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Q&A: Killed in the Streets!

Eric

Lucas,

I have a question for your Q&A if you would like. I know this touches on a subject you have talked about in the past.

The closest USPSA club to me is an hour away. They shut down fairly early in the season. Last summer I still wanted to do some more matches and the next closest match is a 3 hour drive one way. Their website said that set up was at 3pm, shooting started at 6pm and should be done by 9pm. It seemed to imply that being present for set up was mandatory.

I called them and explained that it was going to be 6 hours of driving for me and asked if set up was mandatory. This resulted in a fairly insulting lecture on how important volunteering is in this sport but the guy never gave me a definitive answer to my question. Now I get how important volunteering is but I’m not sue I want to make a 12 hour day out of this.

My response was to skip it and spend the time and money practicing. I’ll spend my money going to some lvl 2 matches next year.

I don’t know what kind of stress the guy was dealing with but I wouldn’t feel welcome if I wasn’t there 3 hours early. What’s your take, should I reconsider or drive past to the next one 4 hours away?

Also, I am working on a first match type voice mail that I hope to send soon.

T. C.

TC from Ft. Mill, SC here, with a question for the Q&A Show. How do you see competition shooting benefitting those who carry for self-defense purposes?

We have all long heard the arguments from the “tactical” community about how competition shooting will get you killed on the street. How the competition “spray and pray” model of running about, disregarding cover and flinging bullets all over hell to breakfast is a sure fire formula for death and disaster on the mean streets of Anytown, USA. My own experience of being a 20 year veteran of federal law enforcement and competitive shooting, as well as infantry combat in both Iraq and Afghanistan, has underscored just how valuable competition shooting is, for me, when things get loud. I have never understood the perspective of those who believe that being able to operate your firearms efficiently, to be able to shoot fast and accurately, as one must to be successful in competition, is not tactically desirable.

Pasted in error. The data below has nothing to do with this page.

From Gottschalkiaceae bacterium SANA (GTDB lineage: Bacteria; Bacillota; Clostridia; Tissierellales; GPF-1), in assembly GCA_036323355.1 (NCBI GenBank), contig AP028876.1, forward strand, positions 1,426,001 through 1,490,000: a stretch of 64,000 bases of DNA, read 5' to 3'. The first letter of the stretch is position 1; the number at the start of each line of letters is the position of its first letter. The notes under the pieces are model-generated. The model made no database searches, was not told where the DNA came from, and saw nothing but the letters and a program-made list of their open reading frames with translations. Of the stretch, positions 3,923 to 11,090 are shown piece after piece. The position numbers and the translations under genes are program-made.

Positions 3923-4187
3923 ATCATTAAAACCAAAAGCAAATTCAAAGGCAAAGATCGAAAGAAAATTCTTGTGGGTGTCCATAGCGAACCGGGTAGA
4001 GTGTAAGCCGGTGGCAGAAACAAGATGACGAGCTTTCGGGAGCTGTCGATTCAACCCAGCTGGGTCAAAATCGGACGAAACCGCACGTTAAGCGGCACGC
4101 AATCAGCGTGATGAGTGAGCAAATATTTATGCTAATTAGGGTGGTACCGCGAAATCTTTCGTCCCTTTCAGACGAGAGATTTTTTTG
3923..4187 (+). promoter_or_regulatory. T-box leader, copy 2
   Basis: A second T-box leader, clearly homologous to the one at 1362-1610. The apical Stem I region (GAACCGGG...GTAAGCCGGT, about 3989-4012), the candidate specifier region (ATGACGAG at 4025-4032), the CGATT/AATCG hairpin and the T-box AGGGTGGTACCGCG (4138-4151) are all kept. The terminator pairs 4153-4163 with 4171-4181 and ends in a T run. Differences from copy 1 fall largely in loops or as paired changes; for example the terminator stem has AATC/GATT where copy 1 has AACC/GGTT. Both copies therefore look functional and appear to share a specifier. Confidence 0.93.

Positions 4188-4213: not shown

I am, however, very curious as to your take on the topic. Do you see competitive shooting as helpful for those who carry for self-defense, as you do? If so, what are those advantages? Do you see any disadvantages, and if so, what are they?

Thanks for what you do. Carry on.

Austin

I know you have talked about this before, but when you bring a new to competition shooter to a match how much should you focus on them verse trying to shoot well, do you just write the match off and make sure they are doing what they are supposed to do? What are your thoughts?

Brett

I just started shooting USPSA in April. My wife and I both shoot and absolutely love the sport! My question is that I am now a high C with 58%. My last few classifiers had been in the mid 60% range. I would really like to end my first year as a B. I am shooting next week at Pitt County. The classifier is 99-22. Should I try to burn it down as fast as I can to try to get that high hit factor? Or play it conservatively to keep my high C? Of coarse when the buzzer goes off all plans go out the window!

Anthony

I was at a local USPSA club match a while back and a fellow shooter noticed I was dropping my head as I would address my sights. I didn’t think much of it at the time when I was shooting my limited gun with iron sights. Now that I have decided to run carry optics it has became more obvious that I have been dropping my head to get a good sight picture. Is there any benefit to address sights without bringing your head down during the draw stroke and bringing sights up to your target focus area? Other than possible unproductive movement? Thanks.

Ronald

Should carry optic shooters be required to wear their underwear on their head?

Ray

What caliber and division would you start a new Jr shooter in, and what’s the best way to get my daughter started?

Drew

Lucas, I went cheap to begin with on holsters and mag carriers to make sure I liked action pistol shooting. Now it’s been about half a year and I’m more excited than ever. I’m shooting IDPA mostly, can you tell me what I should look for in better mag carriers? I’m using a double pouch now and have trouble indexing on the 2nd magazine.

Kevin

At what point on the draw do you put your finger on the trigger? Normally when I draw and shoot I have my trigger finger indexed on the side of the gun outside the trigger guard until I get close to on target and then I move my finger to the trigger. While dry firing I noticed I could speed up my shot time by getting my finger on the trigger sooner, prepping the trigger while still extending and getting a sight picture and then pressing the trigger the rest of the way once I had a good sight picture. I was worried I could DQ doing this for having my finger in the trigger guard on the draw if I put my finger in too soon, but 10.5.5.1 seems to say as long as I’m not sweeping myself with the finger in the trigger guard then it’s not a rule infraction.

 

About Lucas

Editor/Head Honcho at Triangle Tactical. Lucas is a life long shooter and outdoorsman, avid concealed carrier and competitive shooter, and a lover of pork fat.

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